The catch records of sardines from the Pacific mirror that of the Alaskan salmon harvest. Historical maximum catches of California and Japanese sardines in the 1930s-early 1940's were followed by a rapid, precipitous decline during the succeeding three decades. Since the late 1970s, sardines in Peru/Chile and Japan have rebounded strongly; in fact the maximum catch of Japanese sardines during this latter period exceeded by a factor of two the maximum catches from the 1930s. Commercial fisheries off Peru and Chile began only in 1960, when a fishery developed on the abundant anchoveta; sardines at that time were relatively rare, but increased in abundance during the 1970s and 1980s. Unlike the case of the North Pacific salmon, there have been no remedial efforts (hatcheries, habitat modification, etc.) involved in the sardine's recovery in these ecosystems. California sardines have been increasing in abundance (with high population growth rate) since the late 1970s (Barnes et al. 1992), but the reestablishment of large stocks after the ocean conditions changed has been slow because the stock was so depleted during the 1960s.

The dramatic fluctuations in catches described above are likely due in part to changing patterns of fishing effort and the consequences of overexploitation. Nonetheless, the concordance among species suggests the effects of an overriding climate influence.

Long term, interdecadal scale variations in zooplankton biomass in the Southern California Bight (SCB) of the CCS are documented by Roemmich and McGowan (1994) using the CalCOFI data set. Zooplankton biomass in the SCB began a ca. 5-fold decline at approximately the time of the mid-1970's warming event in the CCS (Fig. 4). Elsewhere, zooplankton biomass in the subarctic Pacific during the 1980s is ca. double that of 1956-1962 (Fig. 5), and the peak biomasses in the recent period are more coastally distributed than in the earlier period (Brodeur and Ware 1992; Brodeur et al., in press). These results suggest major shifts in the productivity of the subarctic gyre (increased) and the southern part of the California Current (decreased) during the present warm regime (warm marginal currents post 1976). We note that changes in the zooplankton populations in the northern part of the California Current during this period are not known because there was no systematic sampling (like CalCOFI) in this region.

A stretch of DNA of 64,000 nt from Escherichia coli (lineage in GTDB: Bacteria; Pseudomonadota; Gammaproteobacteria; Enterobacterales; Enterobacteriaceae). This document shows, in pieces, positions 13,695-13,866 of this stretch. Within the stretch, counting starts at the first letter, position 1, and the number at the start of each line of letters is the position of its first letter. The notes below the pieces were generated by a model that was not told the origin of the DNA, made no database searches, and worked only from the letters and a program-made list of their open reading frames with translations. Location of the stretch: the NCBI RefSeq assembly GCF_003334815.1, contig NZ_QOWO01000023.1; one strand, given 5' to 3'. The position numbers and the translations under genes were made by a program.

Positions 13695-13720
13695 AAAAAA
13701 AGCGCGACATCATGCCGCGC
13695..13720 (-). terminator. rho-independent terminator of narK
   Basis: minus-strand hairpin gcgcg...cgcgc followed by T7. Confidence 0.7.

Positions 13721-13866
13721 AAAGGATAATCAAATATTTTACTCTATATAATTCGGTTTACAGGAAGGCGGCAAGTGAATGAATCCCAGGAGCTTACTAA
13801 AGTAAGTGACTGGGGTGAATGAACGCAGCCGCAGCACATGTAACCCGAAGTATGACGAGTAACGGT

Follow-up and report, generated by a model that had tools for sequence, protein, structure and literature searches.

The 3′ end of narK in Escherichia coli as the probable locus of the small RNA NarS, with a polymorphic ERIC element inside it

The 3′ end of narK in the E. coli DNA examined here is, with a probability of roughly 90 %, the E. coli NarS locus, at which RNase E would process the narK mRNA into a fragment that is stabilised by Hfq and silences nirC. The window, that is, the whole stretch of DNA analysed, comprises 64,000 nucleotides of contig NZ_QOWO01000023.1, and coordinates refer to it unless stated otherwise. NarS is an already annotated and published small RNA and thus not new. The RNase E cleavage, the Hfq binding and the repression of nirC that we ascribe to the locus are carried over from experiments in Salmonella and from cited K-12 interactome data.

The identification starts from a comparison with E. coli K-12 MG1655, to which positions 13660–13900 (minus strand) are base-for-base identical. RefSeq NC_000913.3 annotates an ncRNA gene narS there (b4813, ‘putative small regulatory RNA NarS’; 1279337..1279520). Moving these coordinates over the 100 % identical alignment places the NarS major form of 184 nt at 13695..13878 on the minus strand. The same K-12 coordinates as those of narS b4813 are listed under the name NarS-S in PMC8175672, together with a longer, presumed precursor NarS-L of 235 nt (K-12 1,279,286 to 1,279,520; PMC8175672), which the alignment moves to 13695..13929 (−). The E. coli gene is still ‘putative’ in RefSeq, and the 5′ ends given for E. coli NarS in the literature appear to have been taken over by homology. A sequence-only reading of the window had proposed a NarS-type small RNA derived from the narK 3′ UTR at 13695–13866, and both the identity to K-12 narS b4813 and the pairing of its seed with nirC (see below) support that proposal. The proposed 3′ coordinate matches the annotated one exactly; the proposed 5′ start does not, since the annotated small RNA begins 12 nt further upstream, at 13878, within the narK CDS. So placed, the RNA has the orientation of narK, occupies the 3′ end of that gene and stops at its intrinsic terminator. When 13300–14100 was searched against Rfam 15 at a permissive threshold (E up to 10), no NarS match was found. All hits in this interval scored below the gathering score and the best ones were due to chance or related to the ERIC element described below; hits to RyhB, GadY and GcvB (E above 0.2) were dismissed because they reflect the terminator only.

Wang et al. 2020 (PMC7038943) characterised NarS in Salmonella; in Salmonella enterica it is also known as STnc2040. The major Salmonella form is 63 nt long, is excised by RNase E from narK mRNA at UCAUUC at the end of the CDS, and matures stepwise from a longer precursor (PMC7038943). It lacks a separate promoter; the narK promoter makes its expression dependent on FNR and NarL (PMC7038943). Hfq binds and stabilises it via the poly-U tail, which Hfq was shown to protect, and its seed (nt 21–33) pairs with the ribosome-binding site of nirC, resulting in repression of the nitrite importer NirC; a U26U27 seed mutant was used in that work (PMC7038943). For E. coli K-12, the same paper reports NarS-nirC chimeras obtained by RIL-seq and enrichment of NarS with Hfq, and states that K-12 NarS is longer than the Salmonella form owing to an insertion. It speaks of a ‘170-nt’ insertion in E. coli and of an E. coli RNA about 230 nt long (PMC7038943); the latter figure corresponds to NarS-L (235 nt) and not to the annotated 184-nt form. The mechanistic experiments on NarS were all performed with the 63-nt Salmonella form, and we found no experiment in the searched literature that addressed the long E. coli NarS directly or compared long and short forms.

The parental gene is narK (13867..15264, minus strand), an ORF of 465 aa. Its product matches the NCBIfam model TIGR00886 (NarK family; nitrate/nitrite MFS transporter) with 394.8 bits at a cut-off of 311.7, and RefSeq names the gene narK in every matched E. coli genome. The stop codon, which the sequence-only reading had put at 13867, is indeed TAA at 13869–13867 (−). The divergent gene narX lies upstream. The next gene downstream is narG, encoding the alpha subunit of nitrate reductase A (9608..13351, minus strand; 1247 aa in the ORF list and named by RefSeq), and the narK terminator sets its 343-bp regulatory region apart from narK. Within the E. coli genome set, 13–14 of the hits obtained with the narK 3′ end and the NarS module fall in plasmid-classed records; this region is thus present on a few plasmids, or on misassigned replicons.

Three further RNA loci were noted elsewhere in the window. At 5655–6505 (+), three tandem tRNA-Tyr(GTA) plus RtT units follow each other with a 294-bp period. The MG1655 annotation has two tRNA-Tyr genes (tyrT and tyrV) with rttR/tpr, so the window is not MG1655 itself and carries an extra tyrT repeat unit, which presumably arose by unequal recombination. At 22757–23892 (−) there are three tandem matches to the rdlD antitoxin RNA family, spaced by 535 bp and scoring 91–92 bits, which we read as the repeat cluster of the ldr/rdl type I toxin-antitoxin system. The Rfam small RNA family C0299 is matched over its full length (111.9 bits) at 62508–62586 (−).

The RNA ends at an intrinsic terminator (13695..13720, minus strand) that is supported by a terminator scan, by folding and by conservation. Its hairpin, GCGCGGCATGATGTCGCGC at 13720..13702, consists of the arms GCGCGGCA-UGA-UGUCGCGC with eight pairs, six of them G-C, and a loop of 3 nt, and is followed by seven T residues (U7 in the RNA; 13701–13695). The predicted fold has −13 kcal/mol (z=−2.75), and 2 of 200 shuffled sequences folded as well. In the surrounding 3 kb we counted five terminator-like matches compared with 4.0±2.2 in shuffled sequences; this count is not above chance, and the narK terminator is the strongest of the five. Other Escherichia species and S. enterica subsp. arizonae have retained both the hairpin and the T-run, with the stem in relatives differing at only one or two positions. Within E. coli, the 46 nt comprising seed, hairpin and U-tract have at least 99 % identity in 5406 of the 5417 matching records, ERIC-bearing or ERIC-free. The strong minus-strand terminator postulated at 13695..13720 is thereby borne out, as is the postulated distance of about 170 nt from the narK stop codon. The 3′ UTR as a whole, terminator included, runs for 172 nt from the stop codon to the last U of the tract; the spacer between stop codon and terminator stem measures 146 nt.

To address questions about the physical and biological impacts of climate change requires data spanning long time horizons--from the past, present and future. Each of these is a component of U.S. GLOBEC studies: variability and change in the past is examined through Retrospective Data Analysis; conditions and biophysical interactions at present are examined through Process-Oriented Field Studies; and, documenting future variability and change is the rationale for instituting frequent, sustained Monitoring of the environment. Modeling and Synthesis activities will integrate the results from U.S. GLOBEC's studies, and from the research, monitoring, and retrospective activities, so that the consequences of climate change on the coastal marine ecosystem can be evaluated and projected.